Be enthusiastic about new things. Teach your child that new things can be exciting and fun. Some children are scared of new experiences, so tell them that new experiences can be fun and teach them new things. Give your child a heads up when they will try something new so they feel prepared and excited. Try the new activity yourself first, to show them that it’s okay and even fun to do, then invite them to join you. 
Prepare your child for new experiences by talking about it beforehand. For example, if your child is nervous to go to a birthday party, say, “Birthday parties are lots of fun! While you might feel shy, I bet the other kids will be friendly and want to play with you.”
Show that new experiences are safe. An anxious child may feel fearful about trying something new. If your child is nervous to try something new, go ahead and demonstrate the skill or activity for them or have a sibling or friend try the activity first. Tell your child that they are safe and everything will be okay. 
For example, if your child is afraid to go down the slide, go down first and show them that it’s fun. Then, go down with them. Finally, let them try by themselves.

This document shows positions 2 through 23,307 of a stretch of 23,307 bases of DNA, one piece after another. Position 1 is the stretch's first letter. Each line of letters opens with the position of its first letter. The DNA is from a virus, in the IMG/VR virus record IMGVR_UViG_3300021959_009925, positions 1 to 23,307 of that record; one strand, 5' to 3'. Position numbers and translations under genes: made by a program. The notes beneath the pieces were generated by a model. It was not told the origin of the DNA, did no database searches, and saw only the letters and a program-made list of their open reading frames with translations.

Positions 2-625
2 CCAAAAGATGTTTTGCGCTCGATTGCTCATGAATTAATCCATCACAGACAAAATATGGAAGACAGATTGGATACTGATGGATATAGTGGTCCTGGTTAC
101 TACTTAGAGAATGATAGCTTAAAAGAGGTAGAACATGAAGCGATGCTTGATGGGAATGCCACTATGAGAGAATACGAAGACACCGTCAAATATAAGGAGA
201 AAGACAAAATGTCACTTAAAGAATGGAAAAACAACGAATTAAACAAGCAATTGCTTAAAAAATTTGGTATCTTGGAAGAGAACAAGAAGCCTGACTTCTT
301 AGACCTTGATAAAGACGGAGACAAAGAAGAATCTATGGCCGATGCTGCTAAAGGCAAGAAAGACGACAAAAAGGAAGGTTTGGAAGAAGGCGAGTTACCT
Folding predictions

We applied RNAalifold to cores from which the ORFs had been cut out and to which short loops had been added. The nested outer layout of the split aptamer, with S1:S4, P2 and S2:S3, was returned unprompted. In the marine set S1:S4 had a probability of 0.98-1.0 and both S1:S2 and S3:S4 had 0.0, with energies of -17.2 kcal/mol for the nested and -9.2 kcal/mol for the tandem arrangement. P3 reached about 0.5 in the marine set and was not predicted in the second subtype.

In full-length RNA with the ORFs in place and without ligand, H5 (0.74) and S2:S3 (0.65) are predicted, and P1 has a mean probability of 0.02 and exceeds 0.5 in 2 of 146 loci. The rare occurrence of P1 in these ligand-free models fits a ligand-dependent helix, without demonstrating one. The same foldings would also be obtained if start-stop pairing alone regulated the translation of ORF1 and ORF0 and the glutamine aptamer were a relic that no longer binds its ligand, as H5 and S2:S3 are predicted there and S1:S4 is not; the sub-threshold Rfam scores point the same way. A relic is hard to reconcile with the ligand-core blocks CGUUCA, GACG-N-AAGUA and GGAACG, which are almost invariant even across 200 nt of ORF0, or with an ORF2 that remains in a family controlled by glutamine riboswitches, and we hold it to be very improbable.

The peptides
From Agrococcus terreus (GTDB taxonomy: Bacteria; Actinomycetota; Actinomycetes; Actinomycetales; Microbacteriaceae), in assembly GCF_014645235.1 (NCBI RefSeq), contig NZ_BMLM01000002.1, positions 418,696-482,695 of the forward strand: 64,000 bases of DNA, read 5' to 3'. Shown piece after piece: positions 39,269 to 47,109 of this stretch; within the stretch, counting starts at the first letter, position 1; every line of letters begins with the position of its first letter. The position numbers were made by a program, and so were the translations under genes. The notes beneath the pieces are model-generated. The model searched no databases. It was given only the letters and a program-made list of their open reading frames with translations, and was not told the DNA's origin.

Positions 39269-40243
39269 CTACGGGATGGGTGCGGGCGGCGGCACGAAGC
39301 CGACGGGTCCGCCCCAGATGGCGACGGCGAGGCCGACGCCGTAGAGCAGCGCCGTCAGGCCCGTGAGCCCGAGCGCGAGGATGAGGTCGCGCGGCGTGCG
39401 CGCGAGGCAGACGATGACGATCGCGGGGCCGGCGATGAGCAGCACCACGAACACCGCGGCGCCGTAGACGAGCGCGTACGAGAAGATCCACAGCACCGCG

Help them talk about their fears. Encourage your child to talk about what scares them and why they feel scared. Empathize with them and show them that their feelings are okay and valid. Then, let them come up with ways to overcome their fears. Let them do this on their own as much as possible so that they feel in control of handling their fears. 
For example, if your child is scared of going to school, let them tell you about what scares them while you listen and soothe them. Then say, “What do you think might make you feel less scared?” Let them give some responses before offering suggestions.
Help them gain competence when they struggle. Your child might struggle in a certain area (like reading) and try to avoid it. If your child is struggling to learn and wants to give up, continue to encourage them. Praise their efforts and not their outcomes. Even if learning is hard, your child can still feel accomplished and proud of themselves. 
If your child wants to give up, point out their progress. Let them know that even if they’re not where they want to be, they’re beyond where they started.
For example, if your child struggles to tie their shoes, encourage them to keep trying. Be patient and give a few gentle pointers, but don’t tell them exactly how to do it.
Allow them to make their own mistakes. Fixing your child’s mistakes for them will discourage them from trying and show them that minimal effort will get the same result. Instead, be patient and encourage them to be, too. Tell them there’s nothing wrong with trying a few more times. You can even demonstrate how to do something, while not directly fixing their mistakes.
For example, if your child is having trouble tying their shoe, tie your own shoe to show them how it’s done. Have them follow alongside you or try again after you’re done.